What is the NBA lockout

Basketball: NBA power struggle for millions - lockout looming

Full arenas, spectacular shows by the superstars and a commissioner who prognosticated "the most beautiful season in the history of the league". But David Stern, the powerful NBA boss, as well as Dirk Nowitzki, Kobe Bryant, LeBron James and Co, know that the most exciting duel of the season could not be the title race, but the power struggle between club bosses and the NBAPA players' union.

Both sides are haggling over a new labor agreement. The current contract ends on June 30, 2011. And because in the duel between billionaires and millionaires the parties are still as far apart as the basketball hoops on the floor despite multiple negotiations, a lockout threatens. NBAPA President Billy Hunter believes there is "99 percent professional lockout."

Nowitzki is also aware of the serious situation. "I think we players have to be ready for anything and I assume that there will be a lockout," said the man from W├╝rzburg. The German star of the Dallas Mavericks and his nearly 400 NBA colleagues together earn around 2.1 billion dollars. That's almost $ 800 million too much for Stern. "We would like to be profitable again, get something back from the investment," says the league boss.

He takes every opportunity to emphasize that half of the 30 NBA teams are in the red. In the preseason, the owners made around 400 million dollars in losses, this season threatens a minus of 350 million. Therefore, according to the demand, the income of the players should be reduced from the current 57 to 50 percent. On the other hand, the players' side maintains that salaries have already declined over the past three years. "It's always said that the teams lose money. But there is a great risk that these teams will no longer exist after a lockout," said Hunter.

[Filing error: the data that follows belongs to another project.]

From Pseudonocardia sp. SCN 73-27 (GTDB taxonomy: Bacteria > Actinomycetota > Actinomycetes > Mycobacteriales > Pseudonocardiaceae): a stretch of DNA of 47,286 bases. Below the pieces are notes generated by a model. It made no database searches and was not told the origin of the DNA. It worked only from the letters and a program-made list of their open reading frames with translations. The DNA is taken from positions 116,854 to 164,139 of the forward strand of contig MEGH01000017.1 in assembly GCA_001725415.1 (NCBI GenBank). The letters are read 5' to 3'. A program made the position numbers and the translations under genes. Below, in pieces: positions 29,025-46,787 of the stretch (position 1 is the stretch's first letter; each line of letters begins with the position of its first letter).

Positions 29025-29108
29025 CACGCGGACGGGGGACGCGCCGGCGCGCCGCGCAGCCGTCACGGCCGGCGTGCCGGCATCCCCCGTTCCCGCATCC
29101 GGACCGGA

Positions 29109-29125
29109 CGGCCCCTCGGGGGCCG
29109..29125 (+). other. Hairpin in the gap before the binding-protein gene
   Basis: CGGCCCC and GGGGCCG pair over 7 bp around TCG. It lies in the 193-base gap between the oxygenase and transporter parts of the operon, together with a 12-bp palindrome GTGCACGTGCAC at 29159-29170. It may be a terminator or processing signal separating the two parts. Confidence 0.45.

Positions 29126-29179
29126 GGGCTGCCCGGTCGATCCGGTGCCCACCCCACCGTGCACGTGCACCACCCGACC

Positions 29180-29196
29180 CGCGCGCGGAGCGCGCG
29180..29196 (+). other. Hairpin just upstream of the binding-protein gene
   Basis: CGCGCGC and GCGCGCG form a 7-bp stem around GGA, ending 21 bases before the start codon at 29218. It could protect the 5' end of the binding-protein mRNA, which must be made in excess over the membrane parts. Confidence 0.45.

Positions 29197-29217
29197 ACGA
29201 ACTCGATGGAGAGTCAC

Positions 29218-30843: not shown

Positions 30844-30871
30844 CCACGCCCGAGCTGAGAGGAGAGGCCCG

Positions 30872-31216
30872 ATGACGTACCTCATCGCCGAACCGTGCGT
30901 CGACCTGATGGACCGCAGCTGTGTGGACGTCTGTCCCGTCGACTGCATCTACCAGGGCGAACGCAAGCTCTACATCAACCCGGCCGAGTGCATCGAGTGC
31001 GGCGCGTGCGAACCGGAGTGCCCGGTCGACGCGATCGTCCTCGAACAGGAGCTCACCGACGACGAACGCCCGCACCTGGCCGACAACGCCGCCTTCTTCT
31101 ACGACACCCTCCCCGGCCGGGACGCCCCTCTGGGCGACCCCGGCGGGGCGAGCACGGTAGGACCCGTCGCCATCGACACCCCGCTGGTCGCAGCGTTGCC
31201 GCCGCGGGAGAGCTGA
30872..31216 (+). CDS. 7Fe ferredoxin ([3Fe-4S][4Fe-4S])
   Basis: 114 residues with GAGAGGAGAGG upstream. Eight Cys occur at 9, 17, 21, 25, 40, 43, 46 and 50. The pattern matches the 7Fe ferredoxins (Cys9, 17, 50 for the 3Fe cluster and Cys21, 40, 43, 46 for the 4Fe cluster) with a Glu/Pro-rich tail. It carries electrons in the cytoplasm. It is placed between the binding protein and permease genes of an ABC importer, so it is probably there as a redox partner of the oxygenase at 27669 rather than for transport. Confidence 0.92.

At the last lockout on July 1, 1998, he represented the interests of the players. In January 1999, Hunter was able to come to an agreement with the owners, the season began on February 5th and was reduced from 82 to 50 preliminary round games. A total of 464 games were canceled, the professionals lost tens of millions of dollars in salaries, and the owners more than ten times as much in income. The biggest loss, however, was the fan base. Fan merchandise sales fell rapidly, and the NBA had to contend with falling audience numbers for the next three years.

"We have to win back the fans," said Stern at the time. "I'm afraid the league won't survive another lockout under these economic conditions," said Hunter. Joe Smith of the New Jersey Nets remembers 1998 well. "It was difficult for all of us to recover. We players were locked out, but the fans thought we were going on strike to get more money. I don't think either side wants to go through that again."

A lockout would have drastic consequences for the older stars. Not only the then 33-year-old Nowitzki would lose a valuable season in the worst case, but also Kobe Bryant, Steve Nash, Tim Duncan and Kevin Garnett. Shaquille O'Neal would be hit hardest. At 38 years of age, the oldest professional in the league signed a two-year contract with record champions Boston Celtics in the summer. After that, according to O'Neal, it will definitely be over.